Correspondent in Jerusalem
Behind the Mazer-e-Sharif and Jalalabab fall to Throughout the night, the Taliban surround Kabul from early in the morning and negotiate with the local authorities “a peaceful transition”. The insurgent spokesman Zabihulá Muhayid He explained through social networks that “all parts of the country are already under the control of the Islamic Emirate” and reported that “we have ordered all forces to stand at the gates of Kabul, but not to try to enter the city.” .
Muhajid clarified that “since Kabul is a large and densely populated city, the Mujahideen do not intend to enter the city by force, but to enter Kabul peacefully. Negotiations are underway to ensure that the transition process is safely completed. ‘ The Taliban demand “an inclusive Afghan government.”
After addressing a message to the nation this Saturday appealing to resistance, the President Ashraf Ghani He addressed a new message at these critical times to say that “it is our responsibility to avoid chaos and we will do it in the best possible way. All those who attempt to plunder will be restrained by force.
A few hours later it was learned that Ghani was leaving Kabul for Tajikistan, the Afghan Interior Ministry confirmed. After his departure from the country, the president published a message on Facebook in which he explained that he made that decision to avoid a bloodbath.
After the departure of Ashraf Ghani from Afghanistan, the Taliban have ensured that they already control the Presidential Palace in the capital. This was indicated to Reuters by two commanders of the insurgents present in Kabul, although there is no confirmation of this from the Afghan government.
A video broadcast by the Qatari chain Al Jazeera shows a group of Taliban, several of them armed, in what is supposed to be the premises of the Presidential Palace.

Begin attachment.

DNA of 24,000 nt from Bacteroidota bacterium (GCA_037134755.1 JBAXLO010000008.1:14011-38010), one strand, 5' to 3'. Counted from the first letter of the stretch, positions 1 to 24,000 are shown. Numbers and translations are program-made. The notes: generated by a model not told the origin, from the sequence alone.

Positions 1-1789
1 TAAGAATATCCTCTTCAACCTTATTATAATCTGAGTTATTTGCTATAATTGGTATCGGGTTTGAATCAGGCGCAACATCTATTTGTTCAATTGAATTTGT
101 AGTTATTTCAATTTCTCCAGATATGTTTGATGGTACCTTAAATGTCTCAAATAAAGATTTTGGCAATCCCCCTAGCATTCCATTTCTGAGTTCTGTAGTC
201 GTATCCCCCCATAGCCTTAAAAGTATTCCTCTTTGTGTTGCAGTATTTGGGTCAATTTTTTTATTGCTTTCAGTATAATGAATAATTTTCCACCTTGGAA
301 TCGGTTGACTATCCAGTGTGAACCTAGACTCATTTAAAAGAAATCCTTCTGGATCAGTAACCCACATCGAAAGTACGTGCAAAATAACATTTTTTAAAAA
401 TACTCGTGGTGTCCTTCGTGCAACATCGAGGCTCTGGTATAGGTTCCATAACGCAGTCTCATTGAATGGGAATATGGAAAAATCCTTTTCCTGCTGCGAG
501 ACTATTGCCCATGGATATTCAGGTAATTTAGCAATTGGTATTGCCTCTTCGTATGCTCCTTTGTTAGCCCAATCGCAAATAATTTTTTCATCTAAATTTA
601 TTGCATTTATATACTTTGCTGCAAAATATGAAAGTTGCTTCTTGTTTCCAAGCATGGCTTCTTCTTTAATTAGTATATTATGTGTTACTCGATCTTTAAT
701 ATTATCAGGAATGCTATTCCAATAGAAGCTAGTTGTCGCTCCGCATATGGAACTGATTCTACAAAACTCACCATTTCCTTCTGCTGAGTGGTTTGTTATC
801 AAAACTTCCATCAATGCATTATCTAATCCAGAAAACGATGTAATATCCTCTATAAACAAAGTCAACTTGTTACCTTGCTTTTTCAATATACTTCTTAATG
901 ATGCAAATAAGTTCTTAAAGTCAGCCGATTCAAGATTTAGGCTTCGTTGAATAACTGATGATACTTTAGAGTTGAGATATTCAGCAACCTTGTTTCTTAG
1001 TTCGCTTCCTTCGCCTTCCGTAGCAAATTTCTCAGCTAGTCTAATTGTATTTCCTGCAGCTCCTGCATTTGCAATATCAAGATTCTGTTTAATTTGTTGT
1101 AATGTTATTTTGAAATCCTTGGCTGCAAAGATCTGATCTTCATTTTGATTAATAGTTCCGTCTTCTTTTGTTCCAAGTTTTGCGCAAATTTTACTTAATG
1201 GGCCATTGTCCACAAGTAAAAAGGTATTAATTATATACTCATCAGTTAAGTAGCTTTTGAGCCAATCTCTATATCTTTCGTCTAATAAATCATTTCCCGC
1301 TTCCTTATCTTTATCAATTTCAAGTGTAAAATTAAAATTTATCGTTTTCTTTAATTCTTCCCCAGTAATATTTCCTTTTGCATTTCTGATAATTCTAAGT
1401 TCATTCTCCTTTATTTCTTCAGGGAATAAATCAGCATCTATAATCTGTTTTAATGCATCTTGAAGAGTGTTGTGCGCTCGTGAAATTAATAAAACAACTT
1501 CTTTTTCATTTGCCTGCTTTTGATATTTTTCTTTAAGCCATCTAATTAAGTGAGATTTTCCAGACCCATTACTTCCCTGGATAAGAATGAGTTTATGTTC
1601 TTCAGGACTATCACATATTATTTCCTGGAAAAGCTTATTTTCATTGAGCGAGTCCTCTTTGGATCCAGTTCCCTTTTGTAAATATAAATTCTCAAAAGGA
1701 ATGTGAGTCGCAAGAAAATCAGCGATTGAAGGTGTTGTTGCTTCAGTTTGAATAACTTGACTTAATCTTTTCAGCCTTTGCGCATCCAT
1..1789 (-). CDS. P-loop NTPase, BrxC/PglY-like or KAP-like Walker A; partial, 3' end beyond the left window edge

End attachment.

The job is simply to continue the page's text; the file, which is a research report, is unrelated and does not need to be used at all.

Armed Taliban fighters have entered Afghanistan’s presidential palace in Kabul hours after President Ashraf Ghani fled the country.
— Al Jazeera English (@AJEnglish) August 15, 2021
The Defense Ministry also addressed the nation to ask for “calm” and affirm that “the city will not be attacked” and “the transition will be peaceful.”
These messages from each other arrived in the middle of the coming and going of helicopters and armored vehicles to the United States Embassy, in the diplomatic quarter of Kabul. Analysts such as Frud Bezhan compared the scene to the one experienced in the retreat from Saigon in 1975, “a complete mess.” Official US sources told The New York Times that the US envoy to Afghanistan, Zalmay Khalilzad, would have asked the insurgents to postpone their entry into the capital until they complete the evacuation.
Waiting to see the result of the negotiations – there is talk in the Afghan media of a transitional government – the Taliban they advanced to Bagram and they took control of the base in which they did not encounter any resistance either.